Somehow "Blackbird" was left unscarred, and it remains a showcase for the band's vocal prowess and harmonic arrangement skills. The bridge is particularly transcendent and the performance is clearly superior to the version on the mediocre Allies (1983). However, two centerpiece performances for the band, "Wooden Ships" and "Suite: Judy Blue Eyes", suffer just a touch from Stills' vocal inability. Otherwise, those two songs sound superb and stand as strong as ever. For better or worse, the band hadn't started the trend of letting Nash sing most of Stills' parts in "Judy". That song has long served as a guidepost to the quality of a live performance by any group featuring Stills, and the ability of the members to harmonize correctly on it varied widely throughout the band's early years and just as much through the 1974 tour. (During the brief Stills-Young Band tour of 1976, the two principals consistently utterly failed to nail it. No wonder Young jumped off that sinking ship.) The performance on this album may have been edited or "tuned", but I'll address that notion in greater detail below.
The one pleasant surprise for Stills is "Word Game", which borrows a rambling, affected, somewhat annoying style borrowed from "Black Queen" but takes it in a better direction. It's on the line of showiness, but since the lyrics are actually meaningful (almost preachy, in fact), it works. A point of confusion for me is that many bootlegs and setlists denote that the song was played as a medley with Chuck Berry's "You Can't Catch Me". Neither this album nor any bootleg from this tour that I've heard appear to include that additional material, although the Stephen Stills Live album (recorded in 1974 before the CSNY tour, released in 1975) includes a medley of Robert Johnson's "Crossroads" with "You Can't Catch Me" as a separate track from "Word Game".
Less pleasant are Stills' new songs, "Myth of Sisyphus" and "My Angel", both later released on Stills (1975). Both are bad, but the latter is despondently terrible. I appreciate the attempt at offering new material, but when it's that worthless, it's hard to enjoy. Stills played three further songs on the tour that would later also appear on Stills: "My Favorite Changes", another bland song played just once on the opening night of the tour (and thus not recorded); "First Things First", which is just barely better than mediocre; and "As I Come of Age", which is actually pretty good, but which had been played live with CSNY since 1970. A big deal was made in the press about the lack of "Carry On", a traditional Stills showcase in the form of a hyperextended jam. I don't think the absence is much of a loss, but its inclusion may have helped bring up the average quality of Stills' material on the album.
The best showing was clearly given by Neil Young. I may be biased, but even the most precursory examination of this collection would bring most listeners to the conclusion that Young was the only member concerned with exceeding expectations. He brought the most songs, the biggest share of great songs, and the most proficient instrumental contributions.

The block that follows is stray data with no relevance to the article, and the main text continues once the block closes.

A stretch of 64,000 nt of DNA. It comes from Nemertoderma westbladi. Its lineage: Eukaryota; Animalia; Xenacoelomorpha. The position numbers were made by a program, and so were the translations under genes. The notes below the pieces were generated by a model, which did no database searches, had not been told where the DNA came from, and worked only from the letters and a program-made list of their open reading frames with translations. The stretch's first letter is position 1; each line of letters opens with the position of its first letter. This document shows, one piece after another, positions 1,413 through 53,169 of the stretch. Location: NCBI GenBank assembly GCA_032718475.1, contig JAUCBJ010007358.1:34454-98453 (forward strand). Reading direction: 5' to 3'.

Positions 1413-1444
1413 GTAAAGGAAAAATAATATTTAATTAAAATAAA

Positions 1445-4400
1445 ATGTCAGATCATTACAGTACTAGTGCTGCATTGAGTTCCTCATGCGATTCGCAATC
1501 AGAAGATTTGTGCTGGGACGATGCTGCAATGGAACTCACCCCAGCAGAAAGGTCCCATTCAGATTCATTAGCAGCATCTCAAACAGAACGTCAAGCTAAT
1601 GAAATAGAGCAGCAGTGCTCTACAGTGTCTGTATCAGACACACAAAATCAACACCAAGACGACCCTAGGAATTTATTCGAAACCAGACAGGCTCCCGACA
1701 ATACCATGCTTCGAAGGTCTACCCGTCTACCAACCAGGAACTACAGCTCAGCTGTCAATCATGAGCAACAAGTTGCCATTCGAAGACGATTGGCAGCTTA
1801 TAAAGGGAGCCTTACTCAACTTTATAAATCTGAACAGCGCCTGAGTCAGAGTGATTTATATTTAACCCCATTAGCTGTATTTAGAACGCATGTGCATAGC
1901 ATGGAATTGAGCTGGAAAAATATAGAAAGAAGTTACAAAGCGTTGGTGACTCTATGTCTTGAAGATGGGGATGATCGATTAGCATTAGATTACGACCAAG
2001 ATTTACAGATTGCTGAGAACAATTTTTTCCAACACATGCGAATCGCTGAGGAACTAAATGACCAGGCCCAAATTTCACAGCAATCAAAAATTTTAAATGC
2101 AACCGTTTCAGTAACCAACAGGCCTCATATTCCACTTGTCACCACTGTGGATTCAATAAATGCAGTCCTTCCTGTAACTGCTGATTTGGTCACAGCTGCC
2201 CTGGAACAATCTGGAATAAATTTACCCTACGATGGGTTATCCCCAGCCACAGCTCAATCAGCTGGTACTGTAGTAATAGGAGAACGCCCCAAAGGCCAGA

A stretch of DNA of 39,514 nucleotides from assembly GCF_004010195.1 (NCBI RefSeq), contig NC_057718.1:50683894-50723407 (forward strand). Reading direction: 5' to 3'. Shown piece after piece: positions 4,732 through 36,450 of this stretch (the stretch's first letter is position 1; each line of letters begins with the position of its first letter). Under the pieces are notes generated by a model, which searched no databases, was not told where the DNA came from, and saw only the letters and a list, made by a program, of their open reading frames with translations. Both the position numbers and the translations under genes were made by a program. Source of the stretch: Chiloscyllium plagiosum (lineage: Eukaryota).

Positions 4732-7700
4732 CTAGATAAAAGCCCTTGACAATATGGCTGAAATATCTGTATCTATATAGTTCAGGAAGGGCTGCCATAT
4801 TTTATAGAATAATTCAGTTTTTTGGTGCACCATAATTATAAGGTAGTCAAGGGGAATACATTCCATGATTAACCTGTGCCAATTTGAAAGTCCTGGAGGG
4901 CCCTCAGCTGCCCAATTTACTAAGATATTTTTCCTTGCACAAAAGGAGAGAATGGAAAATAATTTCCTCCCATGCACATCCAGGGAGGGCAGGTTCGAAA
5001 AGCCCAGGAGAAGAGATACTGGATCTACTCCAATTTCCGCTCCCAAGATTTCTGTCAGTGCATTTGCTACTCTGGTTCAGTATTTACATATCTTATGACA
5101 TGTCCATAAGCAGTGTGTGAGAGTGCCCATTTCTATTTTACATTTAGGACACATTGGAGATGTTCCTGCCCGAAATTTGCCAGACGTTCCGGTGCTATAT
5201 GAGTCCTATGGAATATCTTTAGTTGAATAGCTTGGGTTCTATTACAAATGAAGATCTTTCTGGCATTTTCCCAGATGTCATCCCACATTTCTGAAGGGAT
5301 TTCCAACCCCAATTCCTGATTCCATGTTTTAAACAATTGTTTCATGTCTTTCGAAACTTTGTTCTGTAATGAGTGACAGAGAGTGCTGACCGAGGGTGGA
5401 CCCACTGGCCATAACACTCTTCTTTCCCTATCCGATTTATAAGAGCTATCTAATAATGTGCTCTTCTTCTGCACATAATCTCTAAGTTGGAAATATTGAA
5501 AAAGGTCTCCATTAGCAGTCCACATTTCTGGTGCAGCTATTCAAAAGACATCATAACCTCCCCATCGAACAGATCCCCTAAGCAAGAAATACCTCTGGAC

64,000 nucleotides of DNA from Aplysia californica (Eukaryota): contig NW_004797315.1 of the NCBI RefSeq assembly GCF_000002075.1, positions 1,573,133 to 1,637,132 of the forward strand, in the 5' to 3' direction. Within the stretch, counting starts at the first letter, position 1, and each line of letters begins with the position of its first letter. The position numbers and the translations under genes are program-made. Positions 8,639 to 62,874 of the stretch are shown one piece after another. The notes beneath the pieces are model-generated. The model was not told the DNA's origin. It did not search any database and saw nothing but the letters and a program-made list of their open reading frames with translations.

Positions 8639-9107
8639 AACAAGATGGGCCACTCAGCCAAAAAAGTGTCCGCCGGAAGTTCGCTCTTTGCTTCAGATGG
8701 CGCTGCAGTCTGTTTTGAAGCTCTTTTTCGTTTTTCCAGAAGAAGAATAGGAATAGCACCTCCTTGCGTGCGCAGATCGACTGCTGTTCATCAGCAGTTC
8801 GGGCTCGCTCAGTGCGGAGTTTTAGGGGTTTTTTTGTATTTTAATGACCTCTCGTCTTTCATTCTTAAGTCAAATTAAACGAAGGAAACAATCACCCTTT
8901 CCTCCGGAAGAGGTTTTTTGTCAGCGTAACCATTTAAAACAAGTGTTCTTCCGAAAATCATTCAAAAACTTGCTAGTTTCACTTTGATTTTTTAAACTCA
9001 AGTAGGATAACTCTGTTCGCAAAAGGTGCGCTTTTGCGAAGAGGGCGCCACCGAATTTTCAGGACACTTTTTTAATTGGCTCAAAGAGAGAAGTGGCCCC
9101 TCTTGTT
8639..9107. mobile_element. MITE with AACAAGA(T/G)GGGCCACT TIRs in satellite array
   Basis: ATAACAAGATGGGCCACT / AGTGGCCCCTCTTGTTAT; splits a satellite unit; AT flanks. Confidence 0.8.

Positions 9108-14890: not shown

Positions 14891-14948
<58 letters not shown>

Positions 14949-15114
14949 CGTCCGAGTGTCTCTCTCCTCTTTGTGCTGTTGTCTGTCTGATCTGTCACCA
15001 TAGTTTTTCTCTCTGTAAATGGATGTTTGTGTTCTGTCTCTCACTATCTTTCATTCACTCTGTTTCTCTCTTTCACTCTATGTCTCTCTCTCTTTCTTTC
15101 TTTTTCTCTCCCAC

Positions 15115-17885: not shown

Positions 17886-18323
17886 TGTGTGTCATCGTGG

His vocals are mostly in good form, and although they do stretch across a spectrum reaching from excellent to totally off (i.e. "Helpless"), his backing vocals are a welcome and distinctive addition to many of the other members' songs ("Love the One You're With", "Immigration Man", "Change Partners", "Prison Song", "Teach Your Children", et cetera). On bootlegs, his backing vocals were extremely hard to hear, if they were even in the mix at all. The presence of these additional vocals is one the best hidden treasures on this album.
Neil's guitarwork matches Stills', or perhaps even exceeds, in that Neil tends to be less flashy and more subtle and expressive. "On the Beach", "Don't Be Denied", "Revolution Blues", and "Chicago" all feature great improvisational work from the two guitarists, but sadly the number of truly shared or dueling guitar solos is fairly limited. The two clearly play off of each other and bring out interesting parts of each other, but even when left to their individual devices, Neil still never disappoints here. Young's keyboard work also graces many songs to good effect.
Some of Neil's most notable performances are the fuller, harmony-drenched renditions of songs like "Only Love Can Break Your Heart", "Old Man", and "Mellow My Mind". The former two might be predictable, but the a capella chorus of "Only Love" is transcendent nonetheless, and this early live take on "Mellow My Mind" is better than the version on Tonight's the Night.
A couple of Neil's hitherto-unreleased songs are a bit lightweight, but they're still likable. "Goodbye Dick" is a brief, throwaway joke, and "Hawaiian Sunrise" is only saved by the great harmonies, but "Traces" (which appears on some bootlegged early acetate versions of Tonight's the Night) is good, and "Love/Art Blues", a song about finding balance in life, is even better. (It features the hilarious couplet, "my songs are so long / my words are all so sad".) "Pushed It Over the End" is the true lost treasure, an epic with both great guitar breaks and solid harmonies.
"Long May You Run" appears here performed as a duo with Stills, which is how the song would first see release two years later on the otherwise terrible Stills-Young Band album named after the song. Stills manages some great guitar runs, but he also misses the "Oh, Caroline, no" cue, and Neil even hits a wrong note on the harmonica. One longs for the full CSNY harmonies that grace the alternate mix heard on Decade.